1. dimmer

    Mac Enthusiast

    Joined: Feb 2006

    +1

    If...

    If you buy an ISP connection, whatever speeds you requested should be delivered: no caps, no blocking, no filtering. Basic premise of Net Neutrality -- and clearly one which AT&T, ComCast et al. want to do away with at all costs.

    Consider: to implement QoS requires that you examine each packet on the network; aka open it up. How happy would you be if the Post Office decided it was a good idea to open and read your mail before delivery to make sure the "most important" stuff gets through?

  1. Guest

    Fresh-Faced Recruit

    Joined: Nov 1999

    -2

    Some of you don't get it

    If ISPs actually had to guarantee your full bandwidth all the time, you'd never be able to afford it.

    Does Google actually have several GBs of storage for every GMail user? Nope. Could mobile providers actually handle all of its subscribers simultaneously using unlimited nights and weekends? Nope. Could your phone company actually handle everyone making a phone call at the same time? Nope.

    In each of the above examples, usage is determined by the average PER USER cost of doing business. In the case of ISPs, however, computers running P2P software are capable of establishing hundreds, if not thousands, of flow streams. The per user model breaks down.

    P2P software is capable of consuming any additional bandwidth that your ISP tries to provide, with the result that the average user never sees that added capacity. As it stands now, P2P networks consume 98% of the available bandwidth. This ultimately causes random dropped packets, which then causes the TCP/IP protocols to reduce transmission rates and retransmit data. In the end, you actually end up with LESS bandwidth utilization (around 60-70%).

    With flow control in place, you regulate the heaviest network users to minimize the impact of dropped packets. As a result, transmission rates stay high, both for the heavy users and the average users. This benefits EVERYONE, even the P2P users, because there will be much better utilization of the available bandwidth (around 90-95%).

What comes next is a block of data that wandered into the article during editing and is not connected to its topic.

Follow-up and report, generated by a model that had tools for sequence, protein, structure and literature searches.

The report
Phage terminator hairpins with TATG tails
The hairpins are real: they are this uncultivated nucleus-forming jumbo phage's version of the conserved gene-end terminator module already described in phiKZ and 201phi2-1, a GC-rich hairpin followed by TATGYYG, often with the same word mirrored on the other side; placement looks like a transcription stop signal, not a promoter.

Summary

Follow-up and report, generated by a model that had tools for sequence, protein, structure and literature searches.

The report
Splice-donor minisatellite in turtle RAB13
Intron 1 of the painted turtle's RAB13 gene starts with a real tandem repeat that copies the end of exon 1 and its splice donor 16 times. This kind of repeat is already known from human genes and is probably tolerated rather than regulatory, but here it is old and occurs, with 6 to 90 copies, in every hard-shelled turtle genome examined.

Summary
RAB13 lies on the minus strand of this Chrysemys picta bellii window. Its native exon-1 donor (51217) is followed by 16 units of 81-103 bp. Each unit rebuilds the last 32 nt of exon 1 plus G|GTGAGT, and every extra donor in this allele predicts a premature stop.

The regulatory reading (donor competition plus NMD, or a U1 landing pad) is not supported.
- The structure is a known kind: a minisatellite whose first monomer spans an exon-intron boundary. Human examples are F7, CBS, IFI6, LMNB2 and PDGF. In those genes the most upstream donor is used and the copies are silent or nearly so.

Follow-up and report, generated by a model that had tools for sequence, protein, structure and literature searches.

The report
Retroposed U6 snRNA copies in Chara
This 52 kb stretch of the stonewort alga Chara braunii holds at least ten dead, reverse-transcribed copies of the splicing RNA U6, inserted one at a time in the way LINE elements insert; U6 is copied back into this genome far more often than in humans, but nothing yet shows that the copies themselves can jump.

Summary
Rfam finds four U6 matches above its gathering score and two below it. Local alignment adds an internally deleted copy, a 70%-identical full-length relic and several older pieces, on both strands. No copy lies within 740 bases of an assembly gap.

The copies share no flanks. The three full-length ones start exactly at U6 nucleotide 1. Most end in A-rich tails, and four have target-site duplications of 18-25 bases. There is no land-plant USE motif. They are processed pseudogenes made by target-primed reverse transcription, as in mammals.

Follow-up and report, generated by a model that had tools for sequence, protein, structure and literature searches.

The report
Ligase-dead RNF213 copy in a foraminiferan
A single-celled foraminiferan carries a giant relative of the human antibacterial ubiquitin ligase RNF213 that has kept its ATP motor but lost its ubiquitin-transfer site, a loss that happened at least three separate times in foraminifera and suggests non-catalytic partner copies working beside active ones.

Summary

In effect, flow control can effectively give users a 40-50% increase in bandwidth with no infrastructure additions.

    In response to dimmer, you clearly do not understand the basic premise of Net Neutrality. The original idea was to give equal priority to each "flow". In years past, a single user generated one or only a few flows at a time: an ftp transfer, a telnet connection, etc. But with P2P software, a single user can generate thousands of flows. The average user browsing the web or checking e-mail only generates a few flows and has no hope of competing. They are left with stalled connections and nothing near the speed their ISP hopes to deliver.

    And no, proper flow control does not require any kind of packet inspection. Your ISP knows which packets came from your modem. All it has to do is keep track of how much. If a heavy user exceeds some reasonable threshold AND the capacity of the available bandwidth is being exceeded, limits will be imposed on that user so that Net Neutrality can be guaranteed for the rest of the users.

    Without flow control, software vendors will simply engage in an arms race to see who can create the most flows in order to compete for the available bandwidth. This will ultimately eat up all the available ports on a NAT router and bring your internet connection to a screeching halt.

    Yes, it really is that serious.

  1. bhuot

    Fresh-Faced Recruit

    Joined: Nov 2003

    0

    not fair

    This reminds me of the old dial-up modems where no one could ever get online during day hours and then at night they were doing maintenance. That is not acceptable for them to not have the capacity they offer for every user all the time. They may want to cut costs that way, but if I ever cannot get online because they wanted to save money by not allowing everyone access as they advertise, then I will switch providers. They need to stop advertising unlimited Internet if they are putting limits on it. And when I called to see where I could go to get a meter to monitor if I go over, they very angrily tell me to go to this statement online and do not help me. How am I supposed to know if I am an average user or not?